Homeless children are twice as likely to experience hunger. Two-thirds feel they won’t get enough to eat. Over one-third report being forced to skip meals. Homelessness increases illness and the ability to pay for it. “Children who experience homelessness are more than twice as likely as middle class children to have moderate to severe acute and chronic health problems.”
They’re twice as likely to repeat a grade in school, be expelled or suspended, or have to drop out and be deprived of education during their formative years. “At the end of high school, few homeless students are proficient in reading and math – and their estimated graduation rate is below 25%.”
Yet with enough federal, state and local funding, child homelessness could end in a decade. Instead, it’s increasing because Washington ignores it. States aren’t doing enough – nearly half of them very little.
NCFH’s report reviews several state programs with enough “infrastructure and programs needed to turn the tide. At least six states have created extensive plans to combat (the problem), and a dozen (more) have done significant planning.”
If them, why not all? Why not a federal program as well? Innovative ones exist with effective ideas, strategies, and plans that work. Implementing them is the challenge, but too little is being done. Without them, “It is virtually impossible to reclaim the life of a child who has spent his (or her) childhood without a home….Failure to house one child for even one day represents an unacceptable societal failing.”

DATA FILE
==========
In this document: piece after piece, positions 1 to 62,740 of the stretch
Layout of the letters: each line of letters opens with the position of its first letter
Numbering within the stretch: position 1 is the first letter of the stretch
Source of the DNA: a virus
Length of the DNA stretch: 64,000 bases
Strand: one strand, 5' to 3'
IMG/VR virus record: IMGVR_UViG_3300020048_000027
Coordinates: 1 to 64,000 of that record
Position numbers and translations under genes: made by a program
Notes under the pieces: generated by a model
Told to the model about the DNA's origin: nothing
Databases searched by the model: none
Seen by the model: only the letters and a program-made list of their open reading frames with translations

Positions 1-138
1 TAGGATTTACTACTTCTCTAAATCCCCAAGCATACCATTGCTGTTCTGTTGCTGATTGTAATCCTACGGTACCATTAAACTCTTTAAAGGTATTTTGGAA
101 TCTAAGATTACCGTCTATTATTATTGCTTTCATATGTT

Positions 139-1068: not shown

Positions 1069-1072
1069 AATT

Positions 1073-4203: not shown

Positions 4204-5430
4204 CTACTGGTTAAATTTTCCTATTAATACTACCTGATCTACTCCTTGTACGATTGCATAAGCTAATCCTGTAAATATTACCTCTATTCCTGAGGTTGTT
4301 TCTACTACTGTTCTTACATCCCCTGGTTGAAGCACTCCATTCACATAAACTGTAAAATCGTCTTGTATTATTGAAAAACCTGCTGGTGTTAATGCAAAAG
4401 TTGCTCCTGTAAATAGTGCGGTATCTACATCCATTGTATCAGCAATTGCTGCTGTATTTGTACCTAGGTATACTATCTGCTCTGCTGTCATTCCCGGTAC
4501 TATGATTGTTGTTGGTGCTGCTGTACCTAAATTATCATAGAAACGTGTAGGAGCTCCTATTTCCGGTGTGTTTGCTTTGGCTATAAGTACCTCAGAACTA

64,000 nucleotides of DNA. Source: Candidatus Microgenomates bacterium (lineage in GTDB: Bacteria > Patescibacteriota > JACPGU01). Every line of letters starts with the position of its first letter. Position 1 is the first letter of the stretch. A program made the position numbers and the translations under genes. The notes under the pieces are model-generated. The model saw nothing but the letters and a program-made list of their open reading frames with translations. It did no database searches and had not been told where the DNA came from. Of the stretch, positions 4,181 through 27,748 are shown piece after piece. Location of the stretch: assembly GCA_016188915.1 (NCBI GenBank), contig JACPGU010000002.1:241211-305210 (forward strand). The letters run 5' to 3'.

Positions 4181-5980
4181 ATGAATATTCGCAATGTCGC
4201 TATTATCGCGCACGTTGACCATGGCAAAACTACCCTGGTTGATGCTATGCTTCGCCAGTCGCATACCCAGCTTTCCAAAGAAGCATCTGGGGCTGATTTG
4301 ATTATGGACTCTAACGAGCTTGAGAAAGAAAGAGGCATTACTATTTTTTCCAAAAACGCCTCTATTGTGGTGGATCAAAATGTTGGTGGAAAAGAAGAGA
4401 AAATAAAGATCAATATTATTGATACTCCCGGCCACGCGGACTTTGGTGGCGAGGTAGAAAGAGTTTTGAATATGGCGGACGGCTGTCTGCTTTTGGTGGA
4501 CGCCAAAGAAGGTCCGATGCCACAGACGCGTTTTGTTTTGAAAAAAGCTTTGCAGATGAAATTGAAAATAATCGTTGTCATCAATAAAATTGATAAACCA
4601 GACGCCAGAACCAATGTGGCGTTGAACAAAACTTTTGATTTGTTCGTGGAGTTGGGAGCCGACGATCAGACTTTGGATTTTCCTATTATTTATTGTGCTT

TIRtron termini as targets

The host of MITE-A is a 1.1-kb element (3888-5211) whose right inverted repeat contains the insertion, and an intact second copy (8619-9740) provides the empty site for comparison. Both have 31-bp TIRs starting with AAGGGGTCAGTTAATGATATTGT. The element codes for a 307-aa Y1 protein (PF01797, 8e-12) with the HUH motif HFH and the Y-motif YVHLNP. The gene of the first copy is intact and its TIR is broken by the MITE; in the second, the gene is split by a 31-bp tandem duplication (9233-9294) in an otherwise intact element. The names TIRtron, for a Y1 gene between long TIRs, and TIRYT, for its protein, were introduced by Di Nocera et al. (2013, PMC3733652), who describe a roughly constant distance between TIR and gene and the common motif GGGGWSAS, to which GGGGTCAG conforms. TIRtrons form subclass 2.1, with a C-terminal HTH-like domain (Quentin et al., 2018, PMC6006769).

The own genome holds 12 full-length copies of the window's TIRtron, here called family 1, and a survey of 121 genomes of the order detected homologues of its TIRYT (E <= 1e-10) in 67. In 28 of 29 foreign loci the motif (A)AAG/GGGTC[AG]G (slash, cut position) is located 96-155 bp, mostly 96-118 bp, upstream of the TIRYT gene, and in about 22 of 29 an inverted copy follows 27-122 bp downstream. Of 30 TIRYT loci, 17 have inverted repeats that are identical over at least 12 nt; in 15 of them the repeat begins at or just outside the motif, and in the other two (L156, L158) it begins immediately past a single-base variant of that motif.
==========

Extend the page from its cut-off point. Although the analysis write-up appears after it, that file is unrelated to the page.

Yet, from 2.3 – 3.5 million Americans experience homelessness at least once a year. They include single adults (some “chronically homeless”), unaccompanied youths (including runaways), and families with children.
NCFH’s report covers the latter group, comprising over one-third of the homeless, a number steadily growing.
In any year, around 97% of homeless children have moved. One-fourth or more witnessed violence, and 22% were separated from their families. About half of school-age homeless children experience anxiety and depression, another 20% of pre-schoolers have emotional problems requiring professional care.
Single adults comprise about half of the population, the majority being male. Thirty-seven percent of single adults have been homeless three or more times as adults, and over one-third homeless for over 25 months. Twenty-three percent are veterans. More than 20% experienced homelessness as children.
Homeless single adults face problems of street violence, hunger, illness, social isolation, and challenging outdoor living in extreme cold or heat without enough protection or access to showers and bathroom facilities. Traumatic stress usually follows, including mental illness and addictions. Nearly 70% report using alcohol and/or drugs, or having had mental problems in the past 30 days. Many have poor education and job skills.
From “575,000 to 1.6 million unaccompanied youth(s) are on the street and in shelters annually in the United States,” sometimes called runaways. They’re young, unattached to families, and aged 16 – 22. Family conflicts and violence, including child abuse, drove them away. From 20 – 40% are gay, lesbian, bisexual, transgendered, “questioned, intersex, or two-spirited, and their coming out often leads to being kicked out of their homes or physically assaulted.” Vulnerable and on their own, they’re seven times more likely to become violent crime victims.